The importance of saying no
Some people swear by the mantra "This too shall pass." Last year, mine was the less conventional, "Ah, to be hit by a car."
This would shock most people who know me. My default setting is a smile and a can-do attitude that can border on the robotic. But when years of soldiering on to meet the every need of bosses, friends and family made me feel as though I were being slowly strangled by a many-tentacled beast, I began thinking: screw a slow walk under a Caribbean sunset - a little hit-and-run is what I need. I could be whisked away to hospital with, say, a broken leg or two, just enough of an injury to render me blissfully incapable of looking after anyone else for a while ...
My friend Sharon*, a magazine editor, snaps me out of my reverie. She's not a one-up-you kind of gal, but her story about where being unable to say "no" landed her beats the pants off mine. After years of sleeping on her own floor to accommodate her parents (who would frequently pay her last-minute visits at inconvenient times) and attending social functions when she was exhausted (in order to appease pushy friends), she ended up with "pretty significant depression".
"I was miserable," she says. "I ended up getting counselling. I still find it really difficult to say 'no'. Even now, if I put my own needs first, I feel panicky and think people are not going to like me."
Why are so many accomplished and smart women driving their mental health into the ground in the pursuit of caring for others first? (I haven't even mentioned my social worker friend, whose first instinct after being robbed was to feel sorry for the thief, rather than feel anger that her jewellery and children's savings had been stolen.) Why is this happening now, 30 years since pioneering feminist texts like 'A Woman In Your Own Right' launched a thousand "assertiveness training" seminars?
British psychologist Jacqui Marson, author of the new book 'The Curse of Lovely: How to Break Free from the Demands of Others and Learn How to Say No', says the reason her London practice is teeming with people who suffer from the compulsion to prioritise others' needs over their own is because they were taught in childhood that unless they did so, they would be rejected or unloved. "Every one of my clients, when I say, 'You have the right to say no', they look at me like I'm from another planet. They go, 'Really?'"
This was Sharon's experience. "I was the child who was disapproved of, the bad child," she says. "And if you're disapproved of, you try harder and harder to get approval ... to make everyone like you."
I, too, learnt early that if I put my needs before my parents', I'd be shunned. When I once suggested to my mother that we didn't need to speak on the phone every day, but rather could chat when we felt like it, I was met with tears and a damning indictment.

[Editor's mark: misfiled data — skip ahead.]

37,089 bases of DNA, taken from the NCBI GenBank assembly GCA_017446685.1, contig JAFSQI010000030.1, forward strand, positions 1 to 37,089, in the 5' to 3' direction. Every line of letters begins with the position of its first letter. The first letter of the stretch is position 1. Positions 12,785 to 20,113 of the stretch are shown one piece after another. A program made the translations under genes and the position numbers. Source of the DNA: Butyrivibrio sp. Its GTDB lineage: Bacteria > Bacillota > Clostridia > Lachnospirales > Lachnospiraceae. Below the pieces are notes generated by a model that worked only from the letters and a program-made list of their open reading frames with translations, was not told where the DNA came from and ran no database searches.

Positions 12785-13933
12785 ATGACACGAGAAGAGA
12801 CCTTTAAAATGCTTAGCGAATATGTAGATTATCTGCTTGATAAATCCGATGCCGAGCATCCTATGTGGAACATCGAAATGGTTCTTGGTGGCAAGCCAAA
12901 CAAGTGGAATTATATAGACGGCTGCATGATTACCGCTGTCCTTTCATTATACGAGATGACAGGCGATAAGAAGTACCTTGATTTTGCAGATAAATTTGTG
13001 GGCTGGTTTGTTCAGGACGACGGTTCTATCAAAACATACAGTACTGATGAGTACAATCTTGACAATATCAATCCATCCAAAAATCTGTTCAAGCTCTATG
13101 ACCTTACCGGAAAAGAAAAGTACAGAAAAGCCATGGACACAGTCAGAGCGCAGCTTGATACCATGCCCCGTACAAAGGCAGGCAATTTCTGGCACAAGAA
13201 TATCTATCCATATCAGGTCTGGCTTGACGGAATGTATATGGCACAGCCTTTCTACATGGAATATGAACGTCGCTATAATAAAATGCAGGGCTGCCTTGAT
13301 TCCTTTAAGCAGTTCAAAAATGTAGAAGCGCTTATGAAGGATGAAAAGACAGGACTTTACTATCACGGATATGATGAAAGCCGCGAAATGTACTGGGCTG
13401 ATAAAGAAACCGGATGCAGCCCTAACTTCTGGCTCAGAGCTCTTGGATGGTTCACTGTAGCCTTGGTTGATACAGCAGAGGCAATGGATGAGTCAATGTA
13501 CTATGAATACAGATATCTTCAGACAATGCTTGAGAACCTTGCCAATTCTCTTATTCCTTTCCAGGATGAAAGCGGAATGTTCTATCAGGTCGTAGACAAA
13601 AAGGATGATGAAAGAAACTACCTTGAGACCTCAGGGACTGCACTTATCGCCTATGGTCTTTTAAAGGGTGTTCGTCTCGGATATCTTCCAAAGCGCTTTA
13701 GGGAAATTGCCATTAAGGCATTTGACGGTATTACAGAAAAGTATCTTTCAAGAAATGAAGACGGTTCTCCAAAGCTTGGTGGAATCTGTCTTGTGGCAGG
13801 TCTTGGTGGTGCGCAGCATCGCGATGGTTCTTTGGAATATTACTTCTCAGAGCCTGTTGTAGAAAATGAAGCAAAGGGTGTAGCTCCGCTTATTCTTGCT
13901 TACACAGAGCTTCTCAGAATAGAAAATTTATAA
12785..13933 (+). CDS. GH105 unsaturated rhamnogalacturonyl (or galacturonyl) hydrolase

The reasons these experiences lead to, say, depression or dreams of hospitalisation, says Marson, is because when such patterns of behaviour continue unquestioned into adulthood, we "lovelies" feel there is no alternative, that we must put others' needs before our own, always. So we end up feeling resentful of those who put demands on us, and indulge in "all-or-nothing thinking".
"Another common escape fantasy I hear is wanting someone to disappear off the planet so they can't [make any more demands]," says Marson. "What's the 1 per cent version of that fantasy? Ask yourself that and it begins to feel like you've got some boundaries."
One friend, Rebecca*, who lost her job and was dumped by her long-term boyfriend as a result of continually abandoning her responsibilities in order to look after her family's, tells me her 1 per cent strategy, which she developed after seeing a life coach. "Saying 'no' is so freeing," she says. "However, I always try to follow my 'no' with a statement of what I can do instead."
Personally, I'm sold on one of Marson's exercises, called the "responsibility pie". Geared towards helping people handle the demands of a loved one whom they feel guilty about not doing enough for, the exercise entails drawing a circle with the loved one's needs in it and then dividing the shape into segments, writing in each one the name of the person who "owns" that slice.
After putting a relative, a grown man whom I'd always been told I needed to take care of, inside a circle, I realised the burden I'd come to believe was mine alone was, of course, not. This meant that when he recently visited me - and after initially, on instinct, tending to his every request - and then seething inside that he offered little help to me, I stopped.
I then did what I could, said "no" to what I couldn't - and left it at that. The moment I did, years of built-up bitterness began to evaporate.
"Once you're able to say 'no' to someone, then your 'yes' is more freely given," says Marson. "It frees up the love."
* Names have been changed.
The Curse of Lovely by Jacqui Marson is published by Hachette Australia.
- Daily Life